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Connectivity and lifestyle

Ultrafast capable island residents David and Jean Newman have experienced first hand the benefits of better connectivity.

The role of technology in island life

David, an architect, worked for a number of years with Sustainable Uist. He’s also brought his expertise to the community-led Sealladh Hiort project – to create a St Kilda viewpoint centre in North Uist.  He says the role of technology, and easier access to a global market, is one which is important to island communities.

The couple are delighted that their son has recently moved to the islands and set up a financial services business.

Modern technology will play its part in telling the St Kilda story at the Balmartin centre.  A webcam, and digital interpretation will sit side by side with original exhibits from what is today a world heritage site. St Kilda communications were certainly more rudimentary - one of the exhibits is the island post bottle.  A sealed canister and wooden box, it was floated on a sheep’s bladder to ferry messages.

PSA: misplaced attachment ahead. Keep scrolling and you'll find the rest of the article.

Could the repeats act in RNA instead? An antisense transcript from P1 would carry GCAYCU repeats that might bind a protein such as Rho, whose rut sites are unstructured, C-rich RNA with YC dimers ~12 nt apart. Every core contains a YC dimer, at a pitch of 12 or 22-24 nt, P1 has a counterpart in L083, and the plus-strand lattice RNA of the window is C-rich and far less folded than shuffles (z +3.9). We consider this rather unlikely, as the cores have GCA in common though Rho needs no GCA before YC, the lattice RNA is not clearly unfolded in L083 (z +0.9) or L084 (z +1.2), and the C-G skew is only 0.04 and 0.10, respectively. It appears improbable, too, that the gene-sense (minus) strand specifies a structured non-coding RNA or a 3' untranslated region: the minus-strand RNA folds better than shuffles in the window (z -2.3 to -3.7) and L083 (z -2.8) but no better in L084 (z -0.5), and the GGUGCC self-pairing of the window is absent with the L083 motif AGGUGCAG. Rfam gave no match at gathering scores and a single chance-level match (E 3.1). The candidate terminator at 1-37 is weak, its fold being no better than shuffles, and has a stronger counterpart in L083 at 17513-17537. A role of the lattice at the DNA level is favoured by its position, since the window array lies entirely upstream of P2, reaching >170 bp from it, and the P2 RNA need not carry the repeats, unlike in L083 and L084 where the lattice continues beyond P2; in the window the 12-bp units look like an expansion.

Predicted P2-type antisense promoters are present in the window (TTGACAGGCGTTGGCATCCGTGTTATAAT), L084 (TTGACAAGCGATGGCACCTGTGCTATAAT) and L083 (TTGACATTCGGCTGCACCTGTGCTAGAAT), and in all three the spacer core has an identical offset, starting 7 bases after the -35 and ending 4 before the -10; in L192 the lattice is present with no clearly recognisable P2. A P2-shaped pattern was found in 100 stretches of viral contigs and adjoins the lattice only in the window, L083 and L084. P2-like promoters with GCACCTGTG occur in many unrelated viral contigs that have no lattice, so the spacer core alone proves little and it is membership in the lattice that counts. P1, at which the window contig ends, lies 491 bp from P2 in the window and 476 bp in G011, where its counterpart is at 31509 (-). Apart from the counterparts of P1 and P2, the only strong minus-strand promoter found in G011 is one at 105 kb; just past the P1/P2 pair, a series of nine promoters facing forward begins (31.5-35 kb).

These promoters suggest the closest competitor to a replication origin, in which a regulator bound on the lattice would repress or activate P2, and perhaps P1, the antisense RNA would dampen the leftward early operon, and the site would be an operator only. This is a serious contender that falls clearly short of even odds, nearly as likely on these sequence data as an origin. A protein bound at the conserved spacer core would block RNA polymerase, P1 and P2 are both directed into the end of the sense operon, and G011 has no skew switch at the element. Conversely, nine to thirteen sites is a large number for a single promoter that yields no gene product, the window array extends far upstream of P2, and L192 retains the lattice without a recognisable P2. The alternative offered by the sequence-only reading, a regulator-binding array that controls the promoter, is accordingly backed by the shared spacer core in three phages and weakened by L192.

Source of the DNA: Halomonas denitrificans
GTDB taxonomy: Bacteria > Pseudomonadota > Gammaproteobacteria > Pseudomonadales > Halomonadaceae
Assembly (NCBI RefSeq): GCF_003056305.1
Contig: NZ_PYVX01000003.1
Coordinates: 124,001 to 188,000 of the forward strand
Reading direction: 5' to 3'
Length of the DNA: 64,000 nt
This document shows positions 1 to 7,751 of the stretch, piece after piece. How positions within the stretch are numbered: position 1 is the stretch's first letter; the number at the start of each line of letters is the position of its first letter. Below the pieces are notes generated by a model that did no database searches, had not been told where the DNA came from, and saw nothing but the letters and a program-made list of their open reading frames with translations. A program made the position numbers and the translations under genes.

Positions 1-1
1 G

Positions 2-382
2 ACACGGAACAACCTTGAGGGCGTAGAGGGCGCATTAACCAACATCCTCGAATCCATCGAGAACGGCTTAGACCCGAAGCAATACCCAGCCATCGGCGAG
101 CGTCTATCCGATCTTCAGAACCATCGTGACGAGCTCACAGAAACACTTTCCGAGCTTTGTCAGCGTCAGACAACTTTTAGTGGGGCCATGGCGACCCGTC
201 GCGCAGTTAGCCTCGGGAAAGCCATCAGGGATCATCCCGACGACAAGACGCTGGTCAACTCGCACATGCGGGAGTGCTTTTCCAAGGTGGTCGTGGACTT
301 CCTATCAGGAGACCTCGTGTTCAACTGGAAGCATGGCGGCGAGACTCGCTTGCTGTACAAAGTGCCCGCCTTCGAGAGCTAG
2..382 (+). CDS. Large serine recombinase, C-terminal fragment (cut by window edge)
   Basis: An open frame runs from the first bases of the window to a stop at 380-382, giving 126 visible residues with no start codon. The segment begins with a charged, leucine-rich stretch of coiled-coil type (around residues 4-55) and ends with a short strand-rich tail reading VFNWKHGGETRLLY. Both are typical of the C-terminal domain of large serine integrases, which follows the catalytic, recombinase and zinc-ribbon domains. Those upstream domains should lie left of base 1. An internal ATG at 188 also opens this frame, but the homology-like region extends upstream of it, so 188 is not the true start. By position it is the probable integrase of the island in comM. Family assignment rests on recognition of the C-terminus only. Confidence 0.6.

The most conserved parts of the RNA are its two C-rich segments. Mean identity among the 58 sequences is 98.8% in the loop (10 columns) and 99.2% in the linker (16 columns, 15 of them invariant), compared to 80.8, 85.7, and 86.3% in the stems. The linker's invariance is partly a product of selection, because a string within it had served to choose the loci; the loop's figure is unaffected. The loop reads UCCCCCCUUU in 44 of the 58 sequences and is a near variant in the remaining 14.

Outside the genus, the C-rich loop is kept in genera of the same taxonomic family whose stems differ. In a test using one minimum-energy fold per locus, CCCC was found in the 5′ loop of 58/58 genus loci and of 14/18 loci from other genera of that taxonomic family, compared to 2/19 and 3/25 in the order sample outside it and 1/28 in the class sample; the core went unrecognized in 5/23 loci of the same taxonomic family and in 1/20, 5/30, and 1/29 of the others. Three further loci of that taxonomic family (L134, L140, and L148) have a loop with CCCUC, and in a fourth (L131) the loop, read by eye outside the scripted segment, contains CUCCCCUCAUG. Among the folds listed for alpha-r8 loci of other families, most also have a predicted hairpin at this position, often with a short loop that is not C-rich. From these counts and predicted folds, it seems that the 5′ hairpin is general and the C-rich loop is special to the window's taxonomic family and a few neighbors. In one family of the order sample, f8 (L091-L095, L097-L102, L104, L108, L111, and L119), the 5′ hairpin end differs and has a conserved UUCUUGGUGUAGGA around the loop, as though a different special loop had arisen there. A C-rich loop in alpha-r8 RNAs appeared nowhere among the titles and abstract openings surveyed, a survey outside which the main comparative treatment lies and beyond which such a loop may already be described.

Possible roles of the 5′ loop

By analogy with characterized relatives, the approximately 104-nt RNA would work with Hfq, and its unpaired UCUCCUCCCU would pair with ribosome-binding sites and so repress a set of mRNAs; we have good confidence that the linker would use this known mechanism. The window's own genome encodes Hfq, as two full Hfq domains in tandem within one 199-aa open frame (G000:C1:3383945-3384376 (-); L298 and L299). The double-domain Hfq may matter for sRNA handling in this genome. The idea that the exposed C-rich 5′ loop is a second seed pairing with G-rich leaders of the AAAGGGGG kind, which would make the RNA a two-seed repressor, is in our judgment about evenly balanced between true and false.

Retired NHS Manager, Jean started her mature studies at the N Uist campus of Lews Castle College UHI at Taigh Chearsabhaigh.  Remaining on Grimsay, she then completed her Fine Arts degree as a remote student through Moray College UHI at Elgin, and is now continuing her studies– through Shetland College UHI – with a Masters by Research (MRes) in Creative Practice.

“My forthcoming research Masters is 80% practical and 20% written,  but online delivery means there are no barriers to this learning.”

I’ve had the best of all worlds – local study, the benefit of living in a very vibrant creative community, and having access online to tutors and mentors from Edinburgh, Glasgow, Elgin and Dublin.
Jean Newman, Artist, Grimsay